Connecting a City’s Past With Its Future: Creating Inner City Green Space Through Preservation

The Merriam-Webster Dictionary’s definition of preserve is “to keep (something) in its original state or in good condition.” Often times it is assumed that Historic Preservationist lean toward the former, a desire to keep historic structures in their “original state” however, this is not necessarily true. It is also assumed that all historic preservation efforts focus on saving structures with major historical significance, such as Independence Hall, while “ordinary” structures fall to the wayside. In Kathryn Rogers Merlino’s article “[Re]Evaluating Significance: The Environmental and Cultural Value in Older and Historic Buildings,” published in the August 2014 edition of The Public Historian, she discusses the ways in which “ordinary” historic buildings can be preserved and repurposed to create green buildings that promote cross generational connections. Merlino explains that these buildings, which are often seen as historically insignificant, embody the culture of a specific time and place and that tearing them down to create new buildings erases a significant part of an area’s history. Merlino’s argument is that by repurposing old, or historic, buildings, a community can not only save on redevelopment costs, but can also revitalize their living space while connecting their past with their future.

This argument can move far beyond historic buildings to support the preservation of historic structures of all kinds. In cities across the world repurposing abandoned rail lines as city green spaces is becoming a popular trend. In Paris, Sydney, Toronto, Chicago, Atlanta, and even Philadelphia, plans have been developed to once again give life to the rail lines which once supported these major areas. Many of the cities have modeled their plans after New York City’s High Line, an elevated green space that opened in 2010 by repurposing the abandoned rail lines which once brought goods to Manhattan’s largest industrial district. The growth in popularity of vehicles and interstate trucking led to the closing of many rail lines that were once major arteries into the heart of cities. By repurposing them into parks, communities can enjoy green space, which is often difficult to find in urban areas, while also preserving their past as major rail ports and the history of the industrial railroad.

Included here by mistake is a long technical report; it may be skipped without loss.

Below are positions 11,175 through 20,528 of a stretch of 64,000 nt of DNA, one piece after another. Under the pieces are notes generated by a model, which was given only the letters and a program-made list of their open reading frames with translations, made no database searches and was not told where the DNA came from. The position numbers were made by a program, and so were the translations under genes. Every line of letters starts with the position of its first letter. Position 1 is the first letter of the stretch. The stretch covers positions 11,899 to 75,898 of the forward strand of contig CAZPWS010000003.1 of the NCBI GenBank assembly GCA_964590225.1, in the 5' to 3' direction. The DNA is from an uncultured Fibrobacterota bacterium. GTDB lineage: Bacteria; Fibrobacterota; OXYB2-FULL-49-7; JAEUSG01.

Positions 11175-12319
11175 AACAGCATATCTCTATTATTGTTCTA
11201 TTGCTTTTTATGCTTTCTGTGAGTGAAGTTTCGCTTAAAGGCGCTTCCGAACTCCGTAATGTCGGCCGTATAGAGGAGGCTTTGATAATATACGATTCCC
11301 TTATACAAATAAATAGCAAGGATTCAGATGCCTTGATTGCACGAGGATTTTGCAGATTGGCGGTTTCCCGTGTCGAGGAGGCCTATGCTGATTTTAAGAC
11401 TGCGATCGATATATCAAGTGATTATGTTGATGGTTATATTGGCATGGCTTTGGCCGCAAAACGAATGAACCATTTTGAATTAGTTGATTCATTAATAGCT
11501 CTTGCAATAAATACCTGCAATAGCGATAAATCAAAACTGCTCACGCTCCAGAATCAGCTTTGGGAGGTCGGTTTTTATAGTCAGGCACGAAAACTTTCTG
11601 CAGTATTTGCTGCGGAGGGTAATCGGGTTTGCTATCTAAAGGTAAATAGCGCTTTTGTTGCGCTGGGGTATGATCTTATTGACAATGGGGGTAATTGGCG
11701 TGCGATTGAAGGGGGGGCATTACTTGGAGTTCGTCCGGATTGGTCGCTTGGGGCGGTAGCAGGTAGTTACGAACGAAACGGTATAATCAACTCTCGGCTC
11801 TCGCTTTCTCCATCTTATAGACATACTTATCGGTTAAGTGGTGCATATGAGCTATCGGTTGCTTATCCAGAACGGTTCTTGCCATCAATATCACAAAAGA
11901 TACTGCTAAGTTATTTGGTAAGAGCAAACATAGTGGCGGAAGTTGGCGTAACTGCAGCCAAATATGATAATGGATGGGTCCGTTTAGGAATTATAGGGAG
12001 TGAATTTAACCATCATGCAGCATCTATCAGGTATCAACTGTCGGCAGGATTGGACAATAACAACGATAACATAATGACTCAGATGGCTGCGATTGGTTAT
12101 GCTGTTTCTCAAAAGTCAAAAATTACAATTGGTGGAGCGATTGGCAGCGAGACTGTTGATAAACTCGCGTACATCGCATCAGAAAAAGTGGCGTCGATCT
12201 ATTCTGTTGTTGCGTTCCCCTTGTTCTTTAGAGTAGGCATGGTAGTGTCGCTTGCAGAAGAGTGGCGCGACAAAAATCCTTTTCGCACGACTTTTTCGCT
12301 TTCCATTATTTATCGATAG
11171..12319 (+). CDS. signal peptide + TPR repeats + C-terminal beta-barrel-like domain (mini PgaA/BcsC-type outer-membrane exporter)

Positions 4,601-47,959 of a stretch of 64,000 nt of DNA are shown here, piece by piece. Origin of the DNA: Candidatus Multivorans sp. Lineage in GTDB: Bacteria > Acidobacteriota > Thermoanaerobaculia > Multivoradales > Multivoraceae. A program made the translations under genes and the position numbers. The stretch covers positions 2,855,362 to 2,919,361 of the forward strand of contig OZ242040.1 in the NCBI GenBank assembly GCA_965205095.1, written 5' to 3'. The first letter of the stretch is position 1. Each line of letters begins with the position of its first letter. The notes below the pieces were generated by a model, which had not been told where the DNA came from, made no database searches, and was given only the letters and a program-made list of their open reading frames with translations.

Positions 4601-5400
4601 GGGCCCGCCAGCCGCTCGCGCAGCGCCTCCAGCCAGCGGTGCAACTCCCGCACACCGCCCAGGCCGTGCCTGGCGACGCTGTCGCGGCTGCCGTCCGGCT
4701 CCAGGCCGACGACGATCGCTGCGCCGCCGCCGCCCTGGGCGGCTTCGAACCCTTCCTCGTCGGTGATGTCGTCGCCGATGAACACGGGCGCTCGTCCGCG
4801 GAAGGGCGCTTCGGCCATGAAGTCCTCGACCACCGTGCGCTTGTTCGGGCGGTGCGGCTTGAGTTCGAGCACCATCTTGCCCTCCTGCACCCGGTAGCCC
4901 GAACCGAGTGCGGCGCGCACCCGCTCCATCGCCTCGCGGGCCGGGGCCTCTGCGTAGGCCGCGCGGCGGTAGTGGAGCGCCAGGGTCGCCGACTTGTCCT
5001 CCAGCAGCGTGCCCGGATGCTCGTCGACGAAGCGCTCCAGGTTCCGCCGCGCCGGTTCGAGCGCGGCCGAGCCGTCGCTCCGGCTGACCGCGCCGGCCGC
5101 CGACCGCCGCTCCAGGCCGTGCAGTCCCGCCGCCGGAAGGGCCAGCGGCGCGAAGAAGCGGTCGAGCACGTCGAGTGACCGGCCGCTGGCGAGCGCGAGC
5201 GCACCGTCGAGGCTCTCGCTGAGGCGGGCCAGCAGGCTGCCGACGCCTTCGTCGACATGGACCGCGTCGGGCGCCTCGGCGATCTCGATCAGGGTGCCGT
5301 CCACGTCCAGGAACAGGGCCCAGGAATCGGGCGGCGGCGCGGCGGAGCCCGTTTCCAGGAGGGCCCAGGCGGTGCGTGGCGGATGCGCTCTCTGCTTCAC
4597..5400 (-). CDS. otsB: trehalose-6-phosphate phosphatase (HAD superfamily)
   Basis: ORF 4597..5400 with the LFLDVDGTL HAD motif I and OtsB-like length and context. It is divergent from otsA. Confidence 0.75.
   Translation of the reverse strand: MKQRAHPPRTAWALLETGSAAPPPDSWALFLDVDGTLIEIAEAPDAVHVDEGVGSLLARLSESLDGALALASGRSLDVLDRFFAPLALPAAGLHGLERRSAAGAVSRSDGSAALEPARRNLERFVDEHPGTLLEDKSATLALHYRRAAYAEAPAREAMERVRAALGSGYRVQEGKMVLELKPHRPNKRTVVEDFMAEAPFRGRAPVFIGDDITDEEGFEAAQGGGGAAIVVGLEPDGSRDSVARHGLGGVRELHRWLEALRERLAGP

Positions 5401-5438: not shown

For more information on what Philadelphia is planning for the abandoned Reading Rail Park please visit http://www.therailpark.org/ – be sure to watch the video to see the ways in which the park can positively impact the surrounding urban neighborhoods.

Information on NYC’s High Line can be found here: http://www.thehighline.org/

And for a quick article on how cities worldwide are repurposing abandoned rail lines visit: http://untappedcities.com/2013/12/04/10-plans-for-elevated-high-line-parks-around-the-world-petite-ceinture-bloomingdale-trail-reading-viaduct/

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1 Comment

  1. This is very interesting, Sarah! I was not aware of initiatives to repurpose old rail lines, but it is a very innovative concept. I like the way that you connected this idea back to Merlino’s article.

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